Here are some tips that would help smaller companies get started, and find success, using this highly effective marketing strategy.
1. Let your influencers have creative freedom.
Influencers got to where they are, in terms of popularity, because of their personality. It’s important that you let them have full creative control when promoting your product or service. What you think might work potentially won’t gel with their audience.
They engage with their audience all day long and know what they will respond to and what will push them away. When you allow them to control the creative direction you are going to end up with a much more organic feeling post and a better end result.
2. Do your due diligence to make sure an influencer is the right fit.
It’s very important to dig deep before you hire an influencer. Ask yourself, “Is this someone that I want representing my brand?” Take a minute to look at all of their social media profiles and see if there is anything that sets off a red flag.
Remember, this is someone that is going to be essentially representing your brand. If a consumer sees that your brand is being promoted by someone that engages in hate speech, drop the F-bomb every other post or is outright rude, it’s going to reflect negatively on your brand.
3. Don’t get mesmerized by follower count.
Follower count means nothing. Nada. Zilch. I have seen an identical campaign run on an Instagram account with 6.5 million followers and several accounts all under 30,000 followers. Every single smaller account outperformed the larger one by close to 300 percent.
Look at engagement rates and the type of engagement posts are receiving. I can promise you that the audience following some of these models with millions of followers aren’t interested in buying anything. They are following for bikini pictures – nothing more.
4. Always negotiate prices.
Have you seen what some influencers are charging per post? I’m not even talking about mega celebrities and six-figure pay outs. There are models with a few million followers commanding $5,000 to $10,000 per post. Don’t always bite on the rate card price. There is often times room for negotiation, especially if you are buying multiple posts.
I have seen initial asks of thousands per post come down to a couple hundred. If you are promoting a product, chances are you are going to be sending it to the influencer so they can create content to post. Use product as leverage too — offer to throw in some extra to drop the price. Many will gladly take a combination of product and monetary compensation.
5. Remember, you aren’t producing infomercials.
An influencer holding up your product with a, “Buy this product” caption isn’t going to be well received. You aren’t trying to create an infomercial that simply lists all of the amazing benefits.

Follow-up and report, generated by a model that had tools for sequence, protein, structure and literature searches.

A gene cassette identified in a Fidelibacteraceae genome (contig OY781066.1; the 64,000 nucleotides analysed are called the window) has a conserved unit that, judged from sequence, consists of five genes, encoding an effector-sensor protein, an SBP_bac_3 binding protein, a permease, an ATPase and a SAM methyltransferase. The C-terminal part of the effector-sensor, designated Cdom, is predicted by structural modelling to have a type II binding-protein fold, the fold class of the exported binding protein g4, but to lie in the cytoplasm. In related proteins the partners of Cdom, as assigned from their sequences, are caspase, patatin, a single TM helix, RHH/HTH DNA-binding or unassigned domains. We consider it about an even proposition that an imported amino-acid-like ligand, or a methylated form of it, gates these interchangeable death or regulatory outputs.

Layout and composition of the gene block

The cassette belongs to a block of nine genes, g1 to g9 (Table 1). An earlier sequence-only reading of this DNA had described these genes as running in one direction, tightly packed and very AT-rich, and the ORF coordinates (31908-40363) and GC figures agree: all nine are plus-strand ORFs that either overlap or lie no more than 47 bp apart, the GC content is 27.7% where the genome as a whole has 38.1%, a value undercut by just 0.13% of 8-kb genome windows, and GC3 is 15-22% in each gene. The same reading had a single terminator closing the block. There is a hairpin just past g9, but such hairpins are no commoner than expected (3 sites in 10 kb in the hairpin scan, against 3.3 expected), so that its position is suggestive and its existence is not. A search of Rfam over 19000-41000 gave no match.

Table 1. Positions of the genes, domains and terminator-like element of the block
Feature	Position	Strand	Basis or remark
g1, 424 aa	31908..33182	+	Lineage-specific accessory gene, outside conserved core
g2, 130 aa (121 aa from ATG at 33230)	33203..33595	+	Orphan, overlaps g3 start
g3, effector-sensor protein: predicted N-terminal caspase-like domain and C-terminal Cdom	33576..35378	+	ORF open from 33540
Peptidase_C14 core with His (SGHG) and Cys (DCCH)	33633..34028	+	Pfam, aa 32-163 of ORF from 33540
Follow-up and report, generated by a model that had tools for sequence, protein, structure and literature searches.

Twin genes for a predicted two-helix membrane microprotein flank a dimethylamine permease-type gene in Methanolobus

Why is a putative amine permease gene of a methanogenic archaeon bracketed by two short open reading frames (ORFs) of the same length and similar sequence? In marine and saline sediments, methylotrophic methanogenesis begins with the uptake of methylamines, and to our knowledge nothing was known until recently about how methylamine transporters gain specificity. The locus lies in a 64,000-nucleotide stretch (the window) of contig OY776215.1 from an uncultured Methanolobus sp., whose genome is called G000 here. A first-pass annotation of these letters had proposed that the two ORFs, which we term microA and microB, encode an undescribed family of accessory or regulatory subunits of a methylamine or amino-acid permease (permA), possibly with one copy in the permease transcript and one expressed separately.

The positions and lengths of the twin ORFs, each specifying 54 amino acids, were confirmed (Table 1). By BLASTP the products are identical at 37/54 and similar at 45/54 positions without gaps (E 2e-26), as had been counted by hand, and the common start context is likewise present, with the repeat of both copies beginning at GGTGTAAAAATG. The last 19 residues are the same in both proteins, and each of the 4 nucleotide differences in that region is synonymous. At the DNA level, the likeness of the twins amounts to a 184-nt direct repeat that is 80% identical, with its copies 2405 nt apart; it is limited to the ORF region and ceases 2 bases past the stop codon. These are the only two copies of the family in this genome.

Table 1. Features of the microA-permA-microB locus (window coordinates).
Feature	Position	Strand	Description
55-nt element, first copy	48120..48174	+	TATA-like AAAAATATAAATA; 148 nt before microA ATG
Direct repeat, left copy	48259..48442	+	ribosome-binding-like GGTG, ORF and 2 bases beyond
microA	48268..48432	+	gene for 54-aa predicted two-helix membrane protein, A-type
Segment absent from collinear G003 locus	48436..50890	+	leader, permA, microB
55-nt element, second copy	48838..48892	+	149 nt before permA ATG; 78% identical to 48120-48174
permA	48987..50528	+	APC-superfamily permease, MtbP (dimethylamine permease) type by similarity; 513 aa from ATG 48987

You want the influencer to create an organic post — something that doesn’t reek of being overly promotional. When you partner with the correct influencer sometimes a picture of them with your product in a natural setting is all you need. They don’t have to tell their audience to buy it — they notice on their own. This has a lot to do with the very first tip above — giving the influencer complete creative control.
6. Identify micro-influencers.
Micro-influencers can be your campaign’s sweet-spot. Let’s pretend you wanted to promote a health supplement and have a small budget of $2,000 a month for influencer marketing. You could go with a popular fitness influencer with a few million followers that will suck up your entire budget for one post, or you could secure a dozen micro-influencers in the fitness world with smaller followings for the same price.
As mentioned, follower count is irrelevant. Micro-influencers tend to have a very engaged following that is genuinely interested in their content. There are several tools that help identify micro-influencers who would be a good fit for your campaign.
7. Constantly track, measure and analyze your campaign.
You must know whether your influencer efforts are working or not. There isn’t a plug-and-play success formula. The number of likes or comments a post receives isn’t an indication of a successful campaign.
Dive into your Google Analytics and look at your referral traffic to see if you notice a large increase from the social networks you are running influencer posts. If you have goal established, did you notice a large increase in leads or sales? Did your own social profiles see increased followers and engagement? Are your sales numbers through the roof? These are all questions you will need to answer.
8. Don’t ignore your other marketing campaigns.
This is one of the biggest mistakes I see. Brands get so excited about influencer marketing that they forget about their other marketing efforts. They assume that influencer marketing is going to be a game changer, and it can be, but you can’t ignore everything else.
Influencer marketing drives a lot of brand awareness, which leads to consumers doing things like checking out your social media and visiting your blog. Use influencers to compliment to your marketing.
Author: JONATHAN LONG